Is this a fail?!!

posted
29-May-19, 14:36
Avatar for Dr_Crabby
posted about 5 months ago
My viva is next week and I am having a bit of a meltdown.

To cut a long story short, my only supervisor has been an absolute waste of time for about the last year (final year), however, she is heavy into stats, written books on the subject and is essentially a statistician so when I came to doing my statistical analysis, I took her word for it that the tests she was advising would be correct.

Only, when I had my mock viva last week they picked up on the fact that not only have I used the wrong tests and explained them wrong, if I had carried out the correct tests, I would have generated a number of significant results and supported ALL of my hypothesis. As it stands, I had to say throughout my entire thesis that my predictions were wrong because the results were not significant.

Fast forward to speaking to my supervisor about this, she said there is only one test that I have done wrong and she did tell me not to do that but I misunderstood her, even though I have the email that says what test she was advising and why. But she swears the rest are correct.

Anyway, after ignoring her advice and carrying out what I now think are the correct tests, I have significant results popping up everywhere, supporting my hypothesis (yey) only I have already submitted and written throughout each chapter how the qualitative findings are the opposite of the statistical findings.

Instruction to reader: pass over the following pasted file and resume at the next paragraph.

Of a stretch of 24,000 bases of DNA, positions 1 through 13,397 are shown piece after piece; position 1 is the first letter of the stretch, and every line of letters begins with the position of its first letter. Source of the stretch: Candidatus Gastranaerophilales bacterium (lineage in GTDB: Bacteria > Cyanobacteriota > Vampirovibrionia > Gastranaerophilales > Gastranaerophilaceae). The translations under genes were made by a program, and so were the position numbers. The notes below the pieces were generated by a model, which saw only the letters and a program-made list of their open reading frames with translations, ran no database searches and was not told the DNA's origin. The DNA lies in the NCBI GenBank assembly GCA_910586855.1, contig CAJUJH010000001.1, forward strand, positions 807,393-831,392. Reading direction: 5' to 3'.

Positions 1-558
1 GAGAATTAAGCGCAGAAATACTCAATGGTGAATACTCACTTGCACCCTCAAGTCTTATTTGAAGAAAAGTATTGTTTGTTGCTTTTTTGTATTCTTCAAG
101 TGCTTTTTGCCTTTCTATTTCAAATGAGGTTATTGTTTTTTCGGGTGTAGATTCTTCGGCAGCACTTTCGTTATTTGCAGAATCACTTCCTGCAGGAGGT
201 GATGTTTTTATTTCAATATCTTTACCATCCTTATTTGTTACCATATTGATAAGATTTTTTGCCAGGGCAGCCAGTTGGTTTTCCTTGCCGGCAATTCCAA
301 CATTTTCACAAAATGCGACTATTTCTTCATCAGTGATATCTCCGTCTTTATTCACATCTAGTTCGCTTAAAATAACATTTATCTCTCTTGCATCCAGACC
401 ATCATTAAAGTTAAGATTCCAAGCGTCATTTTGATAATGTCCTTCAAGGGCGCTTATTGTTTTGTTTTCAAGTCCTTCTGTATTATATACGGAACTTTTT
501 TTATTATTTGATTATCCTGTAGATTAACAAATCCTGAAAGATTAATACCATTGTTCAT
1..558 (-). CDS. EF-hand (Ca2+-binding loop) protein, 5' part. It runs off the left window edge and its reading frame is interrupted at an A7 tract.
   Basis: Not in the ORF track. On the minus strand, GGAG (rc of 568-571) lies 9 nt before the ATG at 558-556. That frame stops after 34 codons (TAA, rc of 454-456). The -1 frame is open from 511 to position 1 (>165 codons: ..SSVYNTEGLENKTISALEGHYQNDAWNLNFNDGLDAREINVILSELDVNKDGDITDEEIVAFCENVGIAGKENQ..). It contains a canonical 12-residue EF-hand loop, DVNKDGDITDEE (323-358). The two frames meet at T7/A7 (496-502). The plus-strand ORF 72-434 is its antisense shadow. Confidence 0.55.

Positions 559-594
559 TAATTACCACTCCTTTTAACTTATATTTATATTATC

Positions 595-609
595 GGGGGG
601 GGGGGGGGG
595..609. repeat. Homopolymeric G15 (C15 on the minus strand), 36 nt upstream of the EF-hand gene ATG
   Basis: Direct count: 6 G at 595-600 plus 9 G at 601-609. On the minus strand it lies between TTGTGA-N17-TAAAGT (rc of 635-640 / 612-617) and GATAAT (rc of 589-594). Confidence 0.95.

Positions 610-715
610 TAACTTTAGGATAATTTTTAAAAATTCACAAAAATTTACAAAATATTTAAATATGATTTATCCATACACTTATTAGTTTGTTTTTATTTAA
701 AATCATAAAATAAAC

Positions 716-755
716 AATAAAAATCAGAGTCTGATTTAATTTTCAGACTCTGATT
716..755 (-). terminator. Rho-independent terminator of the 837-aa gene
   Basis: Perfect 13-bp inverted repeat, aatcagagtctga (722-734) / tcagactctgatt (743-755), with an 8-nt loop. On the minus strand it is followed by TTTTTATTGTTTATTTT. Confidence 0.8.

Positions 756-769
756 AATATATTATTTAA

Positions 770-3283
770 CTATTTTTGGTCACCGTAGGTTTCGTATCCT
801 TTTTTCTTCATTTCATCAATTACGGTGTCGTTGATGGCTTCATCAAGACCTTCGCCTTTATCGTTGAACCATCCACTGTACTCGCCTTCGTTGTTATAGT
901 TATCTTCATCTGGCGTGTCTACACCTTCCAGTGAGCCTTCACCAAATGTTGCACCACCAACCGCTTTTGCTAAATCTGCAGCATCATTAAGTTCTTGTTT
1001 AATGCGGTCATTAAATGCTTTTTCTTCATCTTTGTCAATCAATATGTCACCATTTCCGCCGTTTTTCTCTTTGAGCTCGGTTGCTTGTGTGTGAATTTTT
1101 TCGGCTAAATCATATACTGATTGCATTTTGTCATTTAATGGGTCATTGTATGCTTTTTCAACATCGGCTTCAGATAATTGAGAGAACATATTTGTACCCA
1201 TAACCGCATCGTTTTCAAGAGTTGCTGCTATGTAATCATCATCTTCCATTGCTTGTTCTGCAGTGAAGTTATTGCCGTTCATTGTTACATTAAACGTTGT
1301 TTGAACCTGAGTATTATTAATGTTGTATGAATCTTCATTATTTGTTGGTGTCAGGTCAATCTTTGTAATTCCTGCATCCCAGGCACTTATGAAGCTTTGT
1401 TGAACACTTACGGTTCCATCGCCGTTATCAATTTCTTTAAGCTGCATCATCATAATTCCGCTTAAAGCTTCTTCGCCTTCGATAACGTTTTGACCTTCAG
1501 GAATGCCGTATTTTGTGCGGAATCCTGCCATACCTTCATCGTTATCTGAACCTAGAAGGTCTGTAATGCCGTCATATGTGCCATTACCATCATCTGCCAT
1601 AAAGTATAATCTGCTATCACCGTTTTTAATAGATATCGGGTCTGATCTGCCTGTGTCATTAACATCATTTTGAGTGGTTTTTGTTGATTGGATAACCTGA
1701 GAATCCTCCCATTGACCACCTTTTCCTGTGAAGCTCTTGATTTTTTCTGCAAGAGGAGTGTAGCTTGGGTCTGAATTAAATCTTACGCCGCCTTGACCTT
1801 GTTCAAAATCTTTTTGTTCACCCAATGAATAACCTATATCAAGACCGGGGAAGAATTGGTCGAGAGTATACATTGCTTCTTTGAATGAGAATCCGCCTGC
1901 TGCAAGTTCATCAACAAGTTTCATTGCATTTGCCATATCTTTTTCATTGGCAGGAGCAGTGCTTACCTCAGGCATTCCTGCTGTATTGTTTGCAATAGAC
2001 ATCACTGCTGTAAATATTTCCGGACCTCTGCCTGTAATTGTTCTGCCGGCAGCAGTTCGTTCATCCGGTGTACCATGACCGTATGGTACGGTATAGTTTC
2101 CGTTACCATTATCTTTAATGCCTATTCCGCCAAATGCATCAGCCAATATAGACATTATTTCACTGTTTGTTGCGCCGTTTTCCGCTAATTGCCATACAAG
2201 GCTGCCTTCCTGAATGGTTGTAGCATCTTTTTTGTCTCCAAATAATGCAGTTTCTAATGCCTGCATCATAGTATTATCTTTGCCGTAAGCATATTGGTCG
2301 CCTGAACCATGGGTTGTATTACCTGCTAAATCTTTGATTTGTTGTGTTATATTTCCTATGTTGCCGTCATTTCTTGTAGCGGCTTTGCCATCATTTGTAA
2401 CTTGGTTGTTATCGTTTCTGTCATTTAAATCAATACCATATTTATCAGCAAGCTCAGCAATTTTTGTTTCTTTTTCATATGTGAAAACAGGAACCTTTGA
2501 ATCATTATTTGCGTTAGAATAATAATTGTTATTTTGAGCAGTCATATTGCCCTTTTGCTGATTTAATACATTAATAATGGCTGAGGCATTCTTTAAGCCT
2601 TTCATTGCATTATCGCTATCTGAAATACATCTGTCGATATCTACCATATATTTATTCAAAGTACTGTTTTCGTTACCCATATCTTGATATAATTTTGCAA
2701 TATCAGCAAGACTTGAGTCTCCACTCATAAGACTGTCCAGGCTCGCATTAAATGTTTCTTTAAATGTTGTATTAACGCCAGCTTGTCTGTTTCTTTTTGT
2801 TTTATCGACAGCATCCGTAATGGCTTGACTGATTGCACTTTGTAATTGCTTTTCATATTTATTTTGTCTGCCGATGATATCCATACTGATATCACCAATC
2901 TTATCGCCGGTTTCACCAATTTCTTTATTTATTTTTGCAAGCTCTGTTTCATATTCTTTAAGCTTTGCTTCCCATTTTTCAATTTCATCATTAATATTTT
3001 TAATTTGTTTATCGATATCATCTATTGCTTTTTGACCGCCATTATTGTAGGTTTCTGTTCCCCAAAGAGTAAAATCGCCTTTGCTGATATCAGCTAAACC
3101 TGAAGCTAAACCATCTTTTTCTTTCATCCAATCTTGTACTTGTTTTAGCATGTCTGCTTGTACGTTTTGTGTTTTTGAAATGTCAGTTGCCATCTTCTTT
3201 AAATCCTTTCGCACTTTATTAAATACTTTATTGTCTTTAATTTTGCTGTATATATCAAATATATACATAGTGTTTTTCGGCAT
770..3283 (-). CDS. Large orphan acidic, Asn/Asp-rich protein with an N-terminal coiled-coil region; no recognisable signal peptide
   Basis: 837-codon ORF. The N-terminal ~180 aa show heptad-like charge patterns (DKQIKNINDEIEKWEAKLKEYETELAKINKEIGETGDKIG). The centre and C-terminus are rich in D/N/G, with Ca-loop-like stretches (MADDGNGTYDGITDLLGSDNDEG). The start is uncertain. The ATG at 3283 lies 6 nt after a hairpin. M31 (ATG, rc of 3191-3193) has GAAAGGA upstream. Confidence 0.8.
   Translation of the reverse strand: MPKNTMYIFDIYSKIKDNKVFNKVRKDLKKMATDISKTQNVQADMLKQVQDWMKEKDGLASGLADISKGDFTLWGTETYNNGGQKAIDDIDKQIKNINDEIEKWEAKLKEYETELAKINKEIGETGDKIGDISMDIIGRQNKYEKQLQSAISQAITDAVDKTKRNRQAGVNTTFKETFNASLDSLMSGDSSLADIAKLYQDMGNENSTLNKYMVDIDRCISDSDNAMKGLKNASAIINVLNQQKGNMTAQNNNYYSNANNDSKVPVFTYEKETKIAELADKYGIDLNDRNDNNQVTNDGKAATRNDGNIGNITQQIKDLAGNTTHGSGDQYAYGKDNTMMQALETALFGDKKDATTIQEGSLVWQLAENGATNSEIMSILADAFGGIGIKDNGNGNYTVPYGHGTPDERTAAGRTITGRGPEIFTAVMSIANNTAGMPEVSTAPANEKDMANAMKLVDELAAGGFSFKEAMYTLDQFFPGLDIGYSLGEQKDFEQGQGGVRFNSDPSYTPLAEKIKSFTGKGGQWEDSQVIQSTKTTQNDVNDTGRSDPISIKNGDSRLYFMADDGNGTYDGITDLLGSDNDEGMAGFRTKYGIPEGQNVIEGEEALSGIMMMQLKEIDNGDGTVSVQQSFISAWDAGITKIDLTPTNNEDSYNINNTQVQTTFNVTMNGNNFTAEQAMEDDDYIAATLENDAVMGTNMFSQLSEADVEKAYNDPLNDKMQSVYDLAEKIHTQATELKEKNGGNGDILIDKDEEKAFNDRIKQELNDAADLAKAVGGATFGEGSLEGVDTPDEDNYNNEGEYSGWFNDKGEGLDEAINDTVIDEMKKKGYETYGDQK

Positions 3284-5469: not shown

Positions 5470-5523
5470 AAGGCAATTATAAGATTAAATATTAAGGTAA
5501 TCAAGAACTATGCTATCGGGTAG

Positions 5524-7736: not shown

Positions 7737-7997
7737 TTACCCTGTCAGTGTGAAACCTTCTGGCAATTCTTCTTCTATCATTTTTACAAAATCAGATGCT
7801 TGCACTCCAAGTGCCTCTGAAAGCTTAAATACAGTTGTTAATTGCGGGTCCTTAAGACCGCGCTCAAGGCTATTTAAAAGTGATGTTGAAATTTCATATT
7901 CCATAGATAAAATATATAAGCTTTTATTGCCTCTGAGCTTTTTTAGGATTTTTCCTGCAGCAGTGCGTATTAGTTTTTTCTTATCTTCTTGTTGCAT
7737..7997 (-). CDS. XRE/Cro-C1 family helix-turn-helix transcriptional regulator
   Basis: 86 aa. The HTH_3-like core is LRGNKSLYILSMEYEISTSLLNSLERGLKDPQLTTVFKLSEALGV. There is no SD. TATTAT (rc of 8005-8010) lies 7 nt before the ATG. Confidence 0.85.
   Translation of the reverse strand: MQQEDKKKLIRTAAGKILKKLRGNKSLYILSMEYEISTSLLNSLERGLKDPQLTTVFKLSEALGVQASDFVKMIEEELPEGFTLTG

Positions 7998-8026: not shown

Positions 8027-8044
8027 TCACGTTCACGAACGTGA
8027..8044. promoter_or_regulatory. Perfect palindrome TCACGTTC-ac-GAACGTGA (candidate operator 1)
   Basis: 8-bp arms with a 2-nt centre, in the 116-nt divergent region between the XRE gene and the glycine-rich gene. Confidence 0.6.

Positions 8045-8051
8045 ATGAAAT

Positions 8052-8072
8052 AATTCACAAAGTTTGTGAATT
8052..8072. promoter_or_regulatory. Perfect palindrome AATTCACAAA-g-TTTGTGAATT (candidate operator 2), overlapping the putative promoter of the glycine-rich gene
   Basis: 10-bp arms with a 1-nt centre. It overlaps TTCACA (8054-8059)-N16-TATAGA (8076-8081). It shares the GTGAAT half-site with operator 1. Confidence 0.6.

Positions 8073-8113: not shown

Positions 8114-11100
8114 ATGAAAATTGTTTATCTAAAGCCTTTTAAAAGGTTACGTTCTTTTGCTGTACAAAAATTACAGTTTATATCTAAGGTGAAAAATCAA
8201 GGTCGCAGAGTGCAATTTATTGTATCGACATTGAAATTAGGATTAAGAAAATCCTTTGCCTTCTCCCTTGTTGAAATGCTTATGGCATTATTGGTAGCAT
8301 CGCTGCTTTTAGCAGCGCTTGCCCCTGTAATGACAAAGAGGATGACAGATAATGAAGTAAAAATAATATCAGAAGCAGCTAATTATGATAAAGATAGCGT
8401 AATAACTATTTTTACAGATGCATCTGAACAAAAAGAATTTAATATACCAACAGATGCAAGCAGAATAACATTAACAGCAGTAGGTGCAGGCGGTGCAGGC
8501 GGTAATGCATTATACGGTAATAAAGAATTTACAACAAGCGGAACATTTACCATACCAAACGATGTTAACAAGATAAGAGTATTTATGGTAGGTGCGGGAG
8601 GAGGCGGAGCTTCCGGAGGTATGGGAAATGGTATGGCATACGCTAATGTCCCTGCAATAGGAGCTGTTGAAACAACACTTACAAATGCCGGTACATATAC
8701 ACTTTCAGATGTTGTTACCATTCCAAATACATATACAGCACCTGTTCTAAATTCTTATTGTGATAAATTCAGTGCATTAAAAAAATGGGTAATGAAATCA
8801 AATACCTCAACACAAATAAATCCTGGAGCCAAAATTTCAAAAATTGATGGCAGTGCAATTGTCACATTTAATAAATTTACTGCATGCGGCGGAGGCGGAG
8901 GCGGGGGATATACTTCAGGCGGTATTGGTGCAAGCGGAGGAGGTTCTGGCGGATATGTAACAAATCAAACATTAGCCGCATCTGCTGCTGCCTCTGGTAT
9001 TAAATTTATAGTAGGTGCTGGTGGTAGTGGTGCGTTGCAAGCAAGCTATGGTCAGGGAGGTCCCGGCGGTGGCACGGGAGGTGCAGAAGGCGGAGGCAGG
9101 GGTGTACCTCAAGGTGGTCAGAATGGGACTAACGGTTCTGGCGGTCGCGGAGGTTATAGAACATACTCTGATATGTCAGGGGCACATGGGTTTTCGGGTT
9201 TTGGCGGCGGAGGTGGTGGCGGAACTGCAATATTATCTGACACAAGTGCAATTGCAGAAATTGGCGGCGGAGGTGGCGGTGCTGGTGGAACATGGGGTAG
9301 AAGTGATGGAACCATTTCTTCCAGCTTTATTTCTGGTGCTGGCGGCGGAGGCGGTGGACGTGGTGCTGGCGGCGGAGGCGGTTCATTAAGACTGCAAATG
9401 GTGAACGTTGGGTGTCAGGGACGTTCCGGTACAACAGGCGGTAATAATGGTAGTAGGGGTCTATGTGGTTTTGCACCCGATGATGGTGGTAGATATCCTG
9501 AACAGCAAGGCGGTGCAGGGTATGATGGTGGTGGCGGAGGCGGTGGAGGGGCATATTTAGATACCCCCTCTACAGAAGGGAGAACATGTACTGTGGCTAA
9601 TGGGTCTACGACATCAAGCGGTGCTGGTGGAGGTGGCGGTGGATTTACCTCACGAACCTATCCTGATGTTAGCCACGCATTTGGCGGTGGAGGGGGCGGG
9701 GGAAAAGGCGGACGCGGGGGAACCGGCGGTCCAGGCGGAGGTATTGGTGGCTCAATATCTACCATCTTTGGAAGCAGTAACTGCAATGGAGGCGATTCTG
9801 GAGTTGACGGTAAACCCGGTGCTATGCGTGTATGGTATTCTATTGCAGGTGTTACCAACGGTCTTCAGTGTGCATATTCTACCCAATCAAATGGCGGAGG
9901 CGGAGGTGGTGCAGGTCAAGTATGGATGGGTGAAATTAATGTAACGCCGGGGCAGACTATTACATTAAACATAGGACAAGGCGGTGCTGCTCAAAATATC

I know that it's better to have picked up this before the viva so that I can go in with the correct results but my worry now is that it is going to be a complete revise and resubmit with a second viva and everything because of the extent of the corrections that will need to be made (i.e. fixing every single findings chapter, there are 5/6). Has anyone had this before??

p.s. any comments about relying on my supervisor for help with the stats are not needed right now.
posted
29-May-19, 16:07
edited about 4 seconds later
by rewt
Avatar for rewt
posted about 5 months ago
Quote From Dr_Crabby:
I would have generated a number of significant results and supported ALL of my hypothesis.


Honestly, I don't think you will get revise and resubmit. Your statistics are wrong but the hypothesis, qualitative analysis and data are right which counts for something. You have just interpreted the data wrong based of the wrong application of statistics. It sounds like major corrections to me.